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Nikolai Goncharov

observation, interviewing, collecting the material through a field diary, and photo, video, and audio fixations. The main methodological intention was the analysis of the practices of food security in the region through the prism of “dwelling perspective

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Rethinking the Food-versus-Fuel Debate

An Appraisal of International Perspectives and Implications for the South African Industrial Biofuels Strategy

Shaun Ruysenaar

The global rush toward a biofueled future (and subsequent apprehension concerning unintended consequences) has met with powerful and wide-ranging critique. Bolstered by globally increasing food prices peaking in 2008, food insecurity has become a central concern when considering pursuing biofuels. Arguments in the wider literature propose a number of perspectives with which to evaluate the biofuels-food security nexus. In South Africa, however, the debate is largely configured around maize-for-ethanol and polarized between two antagonistic camps. A host of agricultural lobbies and industrial interests argue in support of biofuels while some politicians, civil society, and NGOs argue against it. Both groups draw their arguments from various domains of the food security discourse in support of their cause. This article considers the merits of these opposing arguments in relation to wider perspectives in the literature, in many cases highlighting non-holistic assumptions made by the opposing claimants. This article seeks to rekindle a waning dialogue and provide a more robust outline of the major concerns that need to be addressed when considering biofuels production from a food security perspective. Only then can South Africa expect to weigh up accurately the value of pursuing biofuels production.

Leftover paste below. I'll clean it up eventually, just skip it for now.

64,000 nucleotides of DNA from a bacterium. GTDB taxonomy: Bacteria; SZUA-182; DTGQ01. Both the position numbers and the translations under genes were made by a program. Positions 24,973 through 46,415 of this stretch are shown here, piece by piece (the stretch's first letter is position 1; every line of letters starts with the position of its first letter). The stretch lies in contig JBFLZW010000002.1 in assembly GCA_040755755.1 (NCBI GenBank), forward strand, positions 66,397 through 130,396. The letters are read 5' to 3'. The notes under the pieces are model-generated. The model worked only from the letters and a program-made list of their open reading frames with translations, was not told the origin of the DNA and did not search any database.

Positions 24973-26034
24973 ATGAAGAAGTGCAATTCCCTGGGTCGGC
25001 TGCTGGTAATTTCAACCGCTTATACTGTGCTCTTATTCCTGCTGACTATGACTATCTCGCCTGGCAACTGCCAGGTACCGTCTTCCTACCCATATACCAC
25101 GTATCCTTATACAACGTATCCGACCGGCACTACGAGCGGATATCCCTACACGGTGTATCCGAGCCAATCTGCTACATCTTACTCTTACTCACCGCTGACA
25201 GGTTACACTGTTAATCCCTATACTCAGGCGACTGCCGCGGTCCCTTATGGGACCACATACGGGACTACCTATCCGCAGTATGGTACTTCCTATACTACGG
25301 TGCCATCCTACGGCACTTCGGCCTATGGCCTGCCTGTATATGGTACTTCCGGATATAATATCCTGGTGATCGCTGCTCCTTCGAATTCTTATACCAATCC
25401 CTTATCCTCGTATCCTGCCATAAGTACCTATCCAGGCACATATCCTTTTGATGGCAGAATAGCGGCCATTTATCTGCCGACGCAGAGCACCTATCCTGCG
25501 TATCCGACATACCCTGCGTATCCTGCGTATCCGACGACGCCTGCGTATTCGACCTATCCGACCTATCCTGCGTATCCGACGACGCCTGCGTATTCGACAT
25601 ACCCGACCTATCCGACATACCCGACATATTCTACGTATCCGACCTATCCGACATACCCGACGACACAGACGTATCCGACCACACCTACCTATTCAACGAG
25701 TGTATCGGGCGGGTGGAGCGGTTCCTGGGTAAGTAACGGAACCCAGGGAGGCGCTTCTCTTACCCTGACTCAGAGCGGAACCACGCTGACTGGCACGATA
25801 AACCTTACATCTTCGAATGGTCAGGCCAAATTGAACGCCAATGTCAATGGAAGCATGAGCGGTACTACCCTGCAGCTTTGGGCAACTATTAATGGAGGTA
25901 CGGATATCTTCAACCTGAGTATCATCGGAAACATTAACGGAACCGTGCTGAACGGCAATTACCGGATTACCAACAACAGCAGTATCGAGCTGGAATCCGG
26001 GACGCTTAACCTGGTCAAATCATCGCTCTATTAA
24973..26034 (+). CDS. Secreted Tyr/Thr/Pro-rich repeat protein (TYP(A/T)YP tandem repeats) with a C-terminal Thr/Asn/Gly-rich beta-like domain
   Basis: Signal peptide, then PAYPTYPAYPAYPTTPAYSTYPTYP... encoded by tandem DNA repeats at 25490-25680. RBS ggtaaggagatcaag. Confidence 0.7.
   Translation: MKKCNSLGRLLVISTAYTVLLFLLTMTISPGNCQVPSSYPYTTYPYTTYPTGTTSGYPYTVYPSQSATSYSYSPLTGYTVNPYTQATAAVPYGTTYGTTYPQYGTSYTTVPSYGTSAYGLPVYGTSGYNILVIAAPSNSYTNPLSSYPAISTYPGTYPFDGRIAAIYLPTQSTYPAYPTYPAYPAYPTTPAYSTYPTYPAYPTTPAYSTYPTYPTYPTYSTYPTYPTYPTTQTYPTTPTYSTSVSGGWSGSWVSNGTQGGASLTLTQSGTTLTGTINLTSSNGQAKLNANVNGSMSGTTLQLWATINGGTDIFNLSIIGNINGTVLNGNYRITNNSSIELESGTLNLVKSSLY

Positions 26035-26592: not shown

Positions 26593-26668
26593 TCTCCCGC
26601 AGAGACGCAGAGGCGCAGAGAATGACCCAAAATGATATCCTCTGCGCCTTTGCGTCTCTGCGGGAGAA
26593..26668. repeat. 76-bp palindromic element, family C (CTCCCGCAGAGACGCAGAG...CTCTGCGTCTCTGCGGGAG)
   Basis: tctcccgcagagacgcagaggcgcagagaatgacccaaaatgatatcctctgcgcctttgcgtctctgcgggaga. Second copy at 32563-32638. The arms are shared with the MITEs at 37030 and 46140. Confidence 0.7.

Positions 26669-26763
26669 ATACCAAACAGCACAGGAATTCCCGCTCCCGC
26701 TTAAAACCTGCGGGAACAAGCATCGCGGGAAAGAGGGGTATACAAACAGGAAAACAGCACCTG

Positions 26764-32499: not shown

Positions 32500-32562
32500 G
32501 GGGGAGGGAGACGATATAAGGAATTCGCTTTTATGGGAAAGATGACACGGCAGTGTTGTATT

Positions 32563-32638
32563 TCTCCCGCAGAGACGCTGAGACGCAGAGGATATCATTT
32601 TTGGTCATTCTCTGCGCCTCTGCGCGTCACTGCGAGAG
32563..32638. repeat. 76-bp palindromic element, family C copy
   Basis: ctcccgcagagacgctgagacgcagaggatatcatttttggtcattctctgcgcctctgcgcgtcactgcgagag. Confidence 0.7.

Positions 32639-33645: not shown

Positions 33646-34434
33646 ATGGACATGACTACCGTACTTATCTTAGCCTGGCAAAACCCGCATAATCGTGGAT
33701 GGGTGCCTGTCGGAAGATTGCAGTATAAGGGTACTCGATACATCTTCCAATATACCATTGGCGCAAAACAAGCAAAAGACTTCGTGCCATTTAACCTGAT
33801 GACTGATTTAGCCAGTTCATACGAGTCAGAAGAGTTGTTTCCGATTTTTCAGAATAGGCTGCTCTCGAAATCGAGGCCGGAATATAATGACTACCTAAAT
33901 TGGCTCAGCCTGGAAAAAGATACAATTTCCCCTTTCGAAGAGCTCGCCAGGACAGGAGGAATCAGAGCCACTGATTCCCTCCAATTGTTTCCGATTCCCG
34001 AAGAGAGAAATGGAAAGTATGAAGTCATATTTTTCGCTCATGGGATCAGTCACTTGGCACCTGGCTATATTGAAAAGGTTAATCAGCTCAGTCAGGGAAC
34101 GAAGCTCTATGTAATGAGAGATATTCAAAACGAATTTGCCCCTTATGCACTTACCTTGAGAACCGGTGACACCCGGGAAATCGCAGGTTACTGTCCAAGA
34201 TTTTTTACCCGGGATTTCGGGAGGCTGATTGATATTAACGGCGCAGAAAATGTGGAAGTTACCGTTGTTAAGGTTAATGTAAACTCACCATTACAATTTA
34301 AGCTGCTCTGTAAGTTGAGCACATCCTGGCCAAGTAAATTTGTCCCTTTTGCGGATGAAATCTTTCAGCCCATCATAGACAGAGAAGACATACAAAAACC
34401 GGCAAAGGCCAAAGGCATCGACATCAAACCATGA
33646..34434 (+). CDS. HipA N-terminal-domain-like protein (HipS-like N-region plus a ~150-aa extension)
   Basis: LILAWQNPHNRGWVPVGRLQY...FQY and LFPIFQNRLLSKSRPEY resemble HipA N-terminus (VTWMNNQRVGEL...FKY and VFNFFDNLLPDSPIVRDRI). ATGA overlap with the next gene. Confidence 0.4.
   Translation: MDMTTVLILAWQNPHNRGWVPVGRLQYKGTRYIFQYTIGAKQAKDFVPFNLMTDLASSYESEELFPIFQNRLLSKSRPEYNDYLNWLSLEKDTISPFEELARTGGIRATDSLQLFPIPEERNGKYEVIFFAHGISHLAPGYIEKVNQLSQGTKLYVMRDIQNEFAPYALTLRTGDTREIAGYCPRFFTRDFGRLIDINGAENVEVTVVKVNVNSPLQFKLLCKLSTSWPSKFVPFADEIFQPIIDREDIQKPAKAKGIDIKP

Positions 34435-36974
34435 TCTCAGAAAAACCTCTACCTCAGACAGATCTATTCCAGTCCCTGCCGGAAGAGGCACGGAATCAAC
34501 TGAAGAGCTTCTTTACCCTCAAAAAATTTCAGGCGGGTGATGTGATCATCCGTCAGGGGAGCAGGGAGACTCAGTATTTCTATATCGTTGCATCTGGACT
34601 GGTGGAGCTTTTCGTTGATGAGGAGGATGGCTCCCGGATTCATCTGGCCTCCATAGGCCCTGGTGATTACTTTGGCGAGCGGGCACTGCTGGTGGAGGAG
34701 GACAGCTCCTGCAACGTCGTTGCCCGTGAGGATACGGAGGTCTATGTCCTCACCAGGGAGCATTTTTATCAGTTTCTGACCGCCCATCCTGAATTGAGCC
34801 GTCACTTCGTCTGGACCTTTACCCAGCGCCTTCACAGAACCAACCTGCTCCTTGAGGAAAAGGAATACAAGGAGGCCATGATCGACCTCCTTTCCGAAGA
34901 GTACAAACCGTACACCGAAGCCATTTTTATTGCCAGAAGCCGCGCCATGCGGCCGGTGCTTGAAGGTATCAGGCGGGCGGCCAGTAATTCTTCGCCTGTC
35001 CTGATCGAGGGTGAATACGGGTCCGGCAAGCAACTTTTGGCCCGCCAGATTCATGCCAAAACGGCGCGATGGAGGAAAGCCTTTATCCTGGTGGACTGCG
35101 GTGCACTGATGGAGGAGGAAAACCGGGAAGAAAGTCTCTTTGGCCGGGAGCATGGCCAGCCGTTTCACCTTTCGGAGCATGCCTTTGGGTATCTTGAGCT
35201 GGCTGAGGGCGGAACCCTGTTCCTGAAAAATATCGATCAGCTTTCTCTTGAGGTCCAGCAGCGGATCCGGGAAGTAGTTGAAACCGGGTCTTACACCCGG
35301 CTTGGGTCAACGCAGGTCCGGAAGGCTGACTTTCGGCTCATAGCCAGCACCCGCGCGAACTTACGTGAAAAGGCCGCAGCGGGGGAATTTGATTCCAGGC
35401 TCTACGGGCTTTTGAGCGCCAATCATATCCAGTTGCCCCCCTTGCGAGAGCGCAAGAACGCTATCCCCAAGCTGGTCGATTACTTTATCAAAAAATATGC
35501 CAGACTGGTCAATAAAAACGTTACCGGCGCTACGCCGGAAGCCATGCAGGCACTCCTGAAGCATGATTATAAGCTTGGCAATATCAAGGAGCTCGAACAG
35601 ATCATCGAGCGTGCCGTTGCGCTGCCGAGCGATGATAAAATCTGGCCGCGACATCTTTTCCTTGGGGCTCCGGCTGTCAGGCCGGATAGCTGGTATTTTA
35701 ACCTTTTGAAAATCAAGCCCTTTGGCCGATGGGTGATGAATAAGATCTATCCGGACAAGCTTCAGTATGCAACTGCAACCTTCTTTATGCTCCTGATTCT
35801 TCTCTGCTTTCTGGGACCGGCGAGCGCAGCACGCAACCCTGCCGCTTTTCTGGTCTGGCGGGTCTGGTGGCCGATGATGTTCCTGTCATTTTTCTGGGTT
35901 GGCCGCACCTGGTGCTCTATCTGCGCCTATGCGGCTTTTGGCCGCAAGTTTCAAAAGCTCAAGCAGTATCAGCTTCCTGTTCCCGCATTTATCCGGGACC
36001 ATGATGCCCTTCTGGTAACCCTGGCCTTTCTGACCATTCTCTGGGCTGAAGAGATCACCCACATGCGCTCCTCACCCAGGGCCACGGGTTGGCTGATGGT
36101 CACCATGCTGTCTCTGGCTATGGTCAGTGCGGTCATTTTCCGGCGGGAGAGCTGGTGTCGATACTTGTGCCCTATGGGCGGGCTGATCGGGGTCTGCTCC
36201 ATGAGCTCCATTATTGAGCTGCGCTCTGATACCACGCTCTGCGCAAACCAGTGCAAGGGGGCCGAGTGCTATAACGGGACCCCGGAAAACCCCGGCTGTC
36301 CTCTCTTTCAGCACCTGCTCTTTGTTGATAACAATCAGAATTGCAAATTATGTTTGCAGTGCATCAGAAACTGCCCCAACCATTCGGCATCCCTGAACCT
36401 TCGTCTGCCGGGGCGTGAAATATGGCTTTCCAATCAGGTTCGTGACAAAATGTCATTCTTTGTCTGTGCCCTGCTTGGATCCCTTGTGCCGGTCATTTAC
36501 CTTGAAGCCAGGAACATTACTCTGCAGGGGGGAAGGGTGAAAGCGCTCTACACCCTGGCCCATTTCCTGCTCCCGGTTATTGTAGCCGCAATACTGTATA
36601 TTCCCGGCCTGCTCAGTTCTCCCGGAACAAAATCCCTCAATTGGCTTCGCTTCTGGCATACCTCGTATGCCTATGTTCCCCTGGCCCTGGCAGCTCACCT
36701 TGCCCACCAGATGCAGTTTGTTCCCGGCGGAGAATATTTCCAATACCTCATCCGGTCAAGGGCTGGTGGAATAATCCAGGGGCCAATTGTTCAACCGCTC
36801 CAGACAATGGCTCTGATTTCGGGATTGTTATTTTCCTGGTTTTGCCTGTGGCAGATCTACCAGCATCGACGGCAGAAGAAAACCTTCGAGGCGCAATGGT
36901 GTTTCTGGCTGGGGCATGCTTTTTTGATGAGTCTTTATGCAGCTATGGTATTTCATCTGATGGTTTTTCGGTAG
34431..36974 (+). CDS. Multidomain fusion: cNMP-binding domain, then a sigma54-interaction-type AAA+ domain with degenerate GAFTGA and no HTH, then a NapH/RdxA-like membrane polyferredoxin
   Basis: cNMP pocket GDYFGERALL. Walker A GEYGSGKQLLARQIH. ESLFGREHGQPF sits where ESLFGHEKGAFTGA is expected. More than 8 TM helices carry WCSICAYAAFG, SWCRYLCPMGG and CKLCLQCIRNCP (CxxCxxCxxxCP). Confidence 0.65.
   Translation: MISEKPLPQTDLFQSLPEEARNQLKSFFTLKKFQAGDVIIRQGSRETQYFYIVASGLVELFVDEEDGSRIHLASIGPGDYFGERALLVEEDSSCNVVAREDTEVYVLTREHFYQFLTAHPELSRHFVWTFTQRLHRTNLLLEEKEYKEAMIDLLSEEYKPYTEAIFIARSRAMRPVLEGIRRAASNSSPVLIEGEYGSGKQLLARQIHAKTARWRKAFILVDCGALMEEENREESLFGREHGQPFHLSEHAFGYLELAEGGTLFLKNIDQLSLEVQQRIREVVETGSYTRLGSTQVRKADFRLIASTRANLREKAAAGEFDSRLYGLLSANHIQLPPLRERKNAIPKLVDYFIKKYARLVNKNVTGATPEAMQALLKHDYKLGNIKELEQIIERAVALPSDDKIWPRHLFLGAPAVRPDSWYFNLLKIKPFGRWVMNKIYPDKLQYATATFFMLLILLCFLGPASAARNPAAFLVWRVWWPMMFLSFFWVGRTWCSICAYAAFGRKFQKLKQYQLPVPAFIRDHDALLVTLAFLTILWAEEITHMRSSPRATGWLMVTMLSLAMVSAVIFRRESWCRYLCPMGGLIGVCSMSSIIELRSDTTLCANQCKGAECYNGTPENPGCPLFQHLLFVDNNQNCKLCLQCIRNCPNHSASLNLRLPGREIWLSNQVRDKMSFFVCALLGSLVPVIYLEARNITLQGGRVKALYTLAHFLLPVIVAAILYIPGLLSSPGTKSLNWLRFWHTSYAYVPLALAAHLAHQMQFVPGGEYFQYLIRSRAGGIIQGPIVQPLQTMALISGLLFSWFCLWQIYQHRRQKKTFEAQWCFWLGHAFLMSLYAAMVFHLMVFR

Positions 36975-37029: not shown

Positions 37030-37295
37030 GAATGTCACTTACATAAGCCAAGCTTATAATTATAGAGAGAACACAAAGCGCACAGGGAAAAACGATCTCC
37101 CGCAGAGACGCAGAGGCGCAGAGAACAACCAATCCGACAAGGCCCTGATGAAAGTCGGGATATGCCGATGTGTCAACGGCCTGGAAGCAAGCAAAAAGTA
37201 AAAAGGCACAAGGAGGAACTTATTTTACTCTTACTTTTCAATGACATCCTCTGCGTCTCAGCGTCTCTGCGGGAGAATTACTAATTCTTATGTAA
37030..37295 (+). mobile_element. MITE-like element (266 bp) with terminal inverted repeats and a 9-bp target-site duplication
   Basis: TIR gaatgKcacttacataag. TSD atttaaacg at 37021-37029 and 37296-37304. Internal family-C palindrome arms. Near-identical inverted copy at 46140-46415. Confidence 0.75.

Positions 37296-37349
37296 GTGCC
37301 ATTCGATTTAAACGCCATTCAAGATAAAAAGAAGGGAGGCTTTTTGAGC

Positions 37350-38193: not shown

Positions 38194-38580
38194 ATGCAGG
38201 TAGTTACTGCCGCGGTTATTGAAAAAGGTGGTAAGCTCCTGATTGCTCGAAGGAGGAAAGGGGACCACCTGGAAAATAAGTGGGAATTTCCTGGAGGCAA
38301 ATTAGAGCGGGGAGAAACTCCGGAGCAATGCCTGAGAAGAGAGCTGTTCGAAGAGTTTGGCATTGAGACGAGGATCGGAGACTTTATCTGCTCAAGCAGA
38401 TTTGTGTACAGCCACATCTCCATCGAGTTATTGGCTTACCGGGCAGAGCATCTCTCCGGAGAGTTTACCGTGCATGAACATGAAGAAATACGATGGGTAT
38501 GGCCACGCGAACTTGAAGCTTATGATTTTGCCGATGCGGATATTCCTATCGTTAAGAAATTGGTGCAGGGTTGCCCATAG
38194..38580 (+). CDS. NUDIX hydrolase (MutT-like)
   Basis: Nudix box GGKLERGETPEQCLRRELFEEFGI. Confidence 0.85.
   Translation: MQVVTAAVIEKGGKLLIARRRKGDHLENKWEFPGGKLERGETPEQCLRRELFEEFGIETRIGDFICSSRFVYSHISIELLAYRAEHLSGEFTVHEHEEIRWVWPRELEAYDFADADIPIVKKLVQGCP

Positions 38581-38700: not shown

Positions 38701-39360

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Food Sovereignty

A New Rights Framework for Food and Nature?

Hannah Wittman